In Arthdal Chronicles, he plays a plucky foil Ipsaeng, a young man who has experienced the hardships and treachery of the world first-hand. He’ll do whatever it takes to survive, whether its lie, cheat, steal, or betray. He’s made his peace with the horrors of the world and is disturbed, greatly, by Eunseom’s alternative perspective and continued belief in humanity’s goodness. Kim Sung-Cheol is so good at playing these conflicted characters, whose eyes show so much emotion even while they are desperately denying they feel any.
He’s also really funny and gets into the physicality of his performances.
But most of all, he’s got that Je ne sais quoi – that undeniable something that draws your eye. I find myself focusing on him even when he’s next to the lead actors, some of the biggest stars in the game. He’s distinctive. His face, his voice, his performances are memorable and unique.
I’ve already added his other dramas to my que – and look forward to seeing him playing other characters. I doubt we’ll have to wait long for him to be cast as the lead in a drama – seems inevitable to me.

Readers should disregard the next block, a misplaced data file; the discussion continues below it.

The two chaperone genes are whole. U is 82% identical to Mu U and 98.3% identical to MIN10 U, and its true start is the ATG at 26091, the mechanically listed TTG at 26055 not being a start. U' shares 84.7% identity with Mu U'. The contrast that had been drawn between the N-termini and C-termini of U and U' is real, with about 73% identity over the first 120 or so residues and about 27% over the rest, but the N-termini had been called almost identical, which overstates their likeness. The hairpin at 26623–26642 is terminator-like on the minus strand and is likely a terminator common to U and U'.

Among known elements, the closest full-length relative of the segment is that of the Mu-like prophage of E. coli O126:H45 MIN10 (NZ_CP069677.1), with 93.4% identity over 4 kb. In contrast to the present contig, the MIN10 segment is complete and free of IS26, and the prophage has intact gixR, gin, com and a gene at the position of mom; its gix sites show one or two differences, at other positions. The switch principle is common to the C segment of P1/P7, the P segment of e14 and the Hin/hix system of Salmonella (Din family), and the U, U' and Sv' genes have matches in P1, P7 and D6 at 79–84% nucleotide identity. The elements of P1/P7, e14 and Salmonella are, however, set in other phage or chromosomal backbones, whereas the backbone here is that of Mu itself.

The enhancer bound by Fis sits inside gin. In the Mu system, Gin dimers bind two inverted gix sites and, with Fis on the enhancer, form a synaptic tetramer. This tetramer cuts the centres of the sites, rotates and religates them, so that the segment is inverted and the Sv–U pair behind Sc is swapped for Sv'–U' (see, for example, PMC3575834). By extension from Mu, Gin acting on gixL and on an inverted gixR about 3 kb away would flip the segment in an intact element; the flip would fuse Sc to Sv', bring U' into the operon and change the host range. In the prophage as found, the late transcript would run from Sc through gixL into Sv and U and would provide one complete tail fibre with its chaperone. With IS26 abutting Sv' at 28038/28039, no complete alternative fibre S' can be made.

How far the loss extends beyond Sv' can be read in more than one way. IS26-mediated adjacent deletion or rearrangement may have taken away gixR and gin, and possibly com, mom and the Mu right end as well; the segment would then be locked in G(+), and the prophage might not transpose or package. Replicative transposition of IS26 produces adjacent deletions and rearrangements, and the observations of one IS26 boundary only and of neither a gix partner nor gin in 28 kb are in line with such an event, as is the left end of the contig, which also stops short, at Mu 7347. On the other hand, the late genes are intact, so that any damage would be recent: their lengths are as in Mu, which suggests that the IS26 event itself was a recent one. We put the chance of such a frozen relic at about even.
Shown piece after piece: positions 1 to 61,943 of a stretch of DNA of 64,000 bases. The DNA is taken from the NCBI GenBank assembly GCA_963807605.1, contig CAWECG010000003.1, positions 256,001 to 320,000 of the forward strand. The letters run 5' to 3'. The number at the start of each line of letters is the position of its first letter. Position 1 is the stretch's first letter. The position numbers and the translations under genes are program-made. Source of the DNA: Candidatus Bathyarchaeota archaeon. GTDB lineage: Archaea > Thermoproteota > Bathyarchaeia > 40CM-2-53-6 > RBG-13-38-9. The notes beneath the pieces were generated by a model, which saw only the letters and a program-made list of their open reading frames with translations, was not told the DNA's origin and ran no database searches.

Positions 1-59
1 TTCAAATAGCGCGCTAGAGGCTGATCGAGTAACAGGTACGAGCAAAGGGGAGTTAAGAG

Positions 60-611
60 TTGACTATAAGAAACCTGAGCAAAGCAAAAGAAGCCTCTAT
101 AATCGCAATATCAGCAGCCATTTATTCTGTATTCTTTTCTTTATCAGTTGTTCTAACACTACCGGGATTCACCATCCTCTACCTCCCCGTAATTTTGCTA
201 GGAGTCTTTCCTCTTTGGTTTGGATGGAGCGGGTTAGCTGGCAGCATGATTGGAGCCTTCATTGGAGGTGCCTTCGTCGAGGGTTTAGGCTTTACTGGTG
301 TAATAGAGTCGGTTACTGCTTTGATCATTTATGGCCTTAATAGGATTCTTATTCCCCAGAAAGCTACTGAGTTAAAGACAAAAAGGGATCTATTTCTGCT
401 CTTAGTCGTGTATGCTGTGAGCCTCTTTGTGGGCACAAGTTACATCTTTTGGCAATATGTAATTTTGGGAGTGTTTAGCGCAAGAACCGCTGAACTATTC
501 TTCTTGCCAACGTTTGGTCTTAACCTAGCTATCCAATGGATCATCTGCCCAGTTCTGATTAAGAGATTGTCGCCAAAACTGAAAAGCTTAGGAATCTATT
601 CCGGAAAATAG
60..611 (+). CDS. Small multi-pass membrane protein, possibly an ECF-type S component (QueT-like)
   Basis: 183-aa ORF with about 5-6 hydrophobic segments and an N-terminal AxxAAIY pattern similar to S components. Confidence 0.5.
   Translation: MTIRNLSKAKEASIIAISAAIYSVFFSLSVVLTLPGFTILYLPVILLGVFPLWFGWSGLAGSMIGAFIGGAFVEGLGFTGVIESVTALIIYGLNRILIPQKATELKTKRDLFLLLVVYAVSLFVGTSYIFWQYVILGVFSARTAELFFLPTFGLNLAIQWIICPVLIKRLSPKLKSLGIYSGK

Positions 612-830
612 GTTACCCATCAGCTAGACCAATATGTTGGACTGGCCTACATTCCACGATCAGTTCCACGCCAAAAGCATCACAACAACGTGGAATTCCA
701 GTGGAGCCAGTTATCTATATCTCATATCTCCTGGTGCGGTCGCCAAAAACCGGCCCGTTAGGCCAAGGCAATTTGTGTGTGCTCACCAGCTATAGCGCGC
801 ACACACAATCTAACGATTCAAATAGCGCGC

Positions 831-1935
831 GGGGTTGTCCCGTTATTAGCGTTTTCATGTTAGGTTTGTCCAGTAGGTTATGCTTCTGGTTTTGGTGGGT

I watched this series when it first came out, slapped a 7.5 star rating on it, and moved on with my life. Except I didn’t move on. I kept coming back to it. I don’t know how many times I have watched it now, but it’s a lot. A lot, a lot. And I honestly think it gets better with each rewatch. Now I’d say it’s a perfect 10/10. Occasionally our first impressions are just… wrong, okay?
Listen, sometimes you have to change your mind about stuff. It’s good for the soul.
Just like this drama.
Just like these two.
Bae Suzy and Lee Seung-Gi are the two leads, both of which are notoriously charming in all their dramas. Sticking them together was like the first person who thought to create a double layer cake. What if we put a cake… on top of a cake? Afterwards humanity forever wondered why they hadn’t been doing this the whole time. Cause of course, of course, cake on cake is perfect. And Bae Suzy and Lee Seung-Gi are perfect. They’re both charismatic actors who bring innocence, humor, and sincerity to all their roles. And just so you know – they don’t even really show up until episode 3. Like Queen Seon Duk, the first two episodes are all about the laying foundations of the story with the generation before.